Riding my bike on cold winter mornings had me thinking of alternatives. The one that caught me by surprise wasn't the bus. I have a little experience with mass transit. I have even, on rare occasion, taken the family car to work. The choice that I found myself considering was one that I hadn't encountered for decades: Hitchhiking.
When I was a kid, as my parents drove the winding mountain roads to and from civilization, I saw plenty of men and women with their thumbs out, hoping for a ride. My mom wasn't the one who stopped to pick them up. It was my dad who had a sense of community and adventure. I think he was happy to be picking up a little of the hippie life by offering a seat in our Dodge station wagon to some kid and his knapsack. In those days, we lived in a world where plenty of people wanted to get where they were going, but didn't always think it through. Boulder and its surrounding mountain communities were a very inviting destination for youth of the seventies, but with a lot of sharp turns and steep climbs between them and nirvana. That's where the thumb came in handy.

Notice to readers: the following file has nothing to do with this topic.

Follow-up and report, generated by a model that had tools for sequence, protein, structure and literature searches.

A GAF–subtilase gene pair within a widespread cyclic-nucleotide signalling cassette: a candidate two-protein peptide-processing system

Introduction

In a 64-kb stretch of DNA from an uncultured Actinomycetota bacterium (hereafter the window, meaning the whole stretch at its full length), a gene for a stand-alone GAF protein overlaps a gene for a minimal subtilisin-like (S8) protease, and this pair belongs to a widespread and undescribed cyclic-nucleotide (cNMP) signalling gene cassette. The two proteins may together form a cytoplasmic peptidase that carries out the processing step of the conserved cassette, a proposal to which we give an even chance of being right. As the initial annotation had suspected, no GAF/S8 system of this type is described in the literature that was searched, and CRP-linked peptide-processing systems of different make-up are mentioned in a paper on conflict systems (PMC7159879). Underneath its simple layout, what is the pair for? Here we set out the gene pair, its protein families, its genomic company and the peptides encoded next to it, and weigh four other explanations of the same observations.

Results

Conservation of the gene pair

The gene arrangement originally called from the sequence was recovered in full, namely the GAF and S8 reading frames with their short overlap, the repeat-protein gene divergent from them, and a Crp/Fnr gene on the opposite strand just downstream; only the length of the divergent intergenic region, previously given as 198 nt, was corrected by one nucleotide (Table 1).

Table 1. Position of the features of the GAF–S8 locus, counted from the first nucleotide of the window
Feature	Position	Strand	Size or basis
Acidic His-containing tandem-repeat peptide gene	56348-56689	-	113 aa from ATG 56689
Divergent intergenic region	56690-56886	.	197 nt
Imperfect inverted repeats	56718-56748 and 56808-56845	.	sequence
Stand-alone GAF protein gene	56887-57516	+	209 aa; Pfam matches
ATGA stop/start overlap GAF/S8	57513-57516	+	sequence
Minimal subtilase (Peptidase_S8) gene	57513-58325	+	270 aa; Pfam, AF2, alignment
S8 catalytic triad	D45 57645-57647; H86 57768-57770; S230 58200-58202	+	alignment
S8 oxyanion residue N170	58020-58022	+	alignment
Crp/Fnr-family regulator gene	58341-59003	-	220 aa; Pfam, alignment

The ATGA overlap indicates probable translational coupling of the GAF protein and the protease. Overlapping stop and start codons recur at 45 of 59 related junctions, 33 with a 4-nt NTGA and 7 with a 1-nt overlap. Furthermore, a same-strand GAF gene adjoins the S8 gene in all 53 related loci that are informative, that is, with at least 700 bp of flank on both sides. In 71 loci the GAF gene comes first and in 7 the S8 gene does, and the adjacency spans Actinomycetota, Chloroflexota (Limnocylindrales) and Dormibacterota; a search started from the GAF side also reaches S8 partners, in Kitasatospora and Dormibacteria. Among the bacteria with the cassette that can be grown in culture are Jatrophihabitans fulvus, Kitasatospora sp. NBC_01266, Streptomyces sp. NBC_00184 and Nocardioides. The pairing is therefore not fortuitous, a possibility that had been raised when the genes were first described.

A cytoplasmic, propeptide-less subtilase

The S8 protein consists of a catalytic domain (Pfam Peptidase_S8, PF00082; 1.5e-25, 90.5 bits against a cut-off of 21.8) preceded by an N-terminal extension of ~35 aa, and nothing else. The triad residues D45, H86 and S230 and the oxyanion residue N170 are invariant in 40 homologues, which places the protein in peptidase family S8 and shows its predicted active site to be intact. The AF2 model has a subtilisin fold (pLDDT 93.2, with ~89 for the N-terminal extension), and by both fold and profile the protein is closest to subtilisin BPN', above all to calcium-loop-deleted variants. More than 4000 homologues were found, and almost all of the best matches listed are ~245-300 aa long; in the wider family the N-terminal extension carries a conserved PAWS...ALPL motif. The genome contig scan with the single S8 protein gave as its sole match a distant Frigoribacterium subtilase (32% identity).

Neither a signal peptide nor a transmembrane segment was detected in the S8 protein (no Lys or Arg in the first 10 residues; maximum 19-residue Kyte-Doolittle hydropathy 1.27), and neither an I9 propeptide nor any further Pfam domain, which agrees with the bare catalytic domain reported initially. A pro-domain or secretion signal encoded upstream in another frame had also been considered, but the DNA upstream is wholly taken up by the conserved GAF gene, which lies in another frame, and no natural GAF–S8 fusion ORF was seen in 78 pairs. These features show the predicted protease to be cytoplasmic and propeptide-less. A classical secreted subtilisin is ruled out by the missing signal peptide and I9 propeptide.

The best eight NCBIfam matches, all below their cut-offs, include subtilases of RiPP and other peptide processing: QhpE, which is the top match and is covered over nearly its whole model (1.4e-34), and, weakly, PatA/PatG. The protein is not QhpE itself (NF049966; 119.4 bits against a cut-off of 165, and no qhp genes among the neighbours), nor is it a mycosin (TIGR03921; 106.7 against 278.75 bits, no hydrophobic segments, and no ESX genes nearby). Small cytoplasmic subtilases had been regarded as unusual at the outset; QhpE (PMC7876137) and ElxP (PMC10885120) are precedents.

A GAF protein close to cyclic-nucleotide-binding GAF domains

By the time I got my driver's license, the number of hitchhikers had diminished substantially, but I do have a memory of stopping once, while driving my younger brother down the hill to town. We picked up a very fury denizen of the woods who happened to be going in the same direction we were. I'm sure it was a memory of my father's helpful spirit that made me pull over. I got worried looks from my brother, reflecting my own, but when we got into town and dropped our passenger off, there was a collective sigh of relief and we were back on our own.
On the occasional weekday morning, I come across a line of cars parked at the curb near an on ramp. This is the "casual car pool." I see men and women in their business wear dropping into the empty seats of the cars at the front of the line. These wayward commuters are getting a ride across the bridge into San Francisco. The drivers are getting a break on the toll. Without ever having to stick out a thumb. I wonder if any of those inner city cubicle folks were ever part of the hairy generation that we gave rides to once upon a time. I'll keep an eye out for that knapsack with a peace sign on it.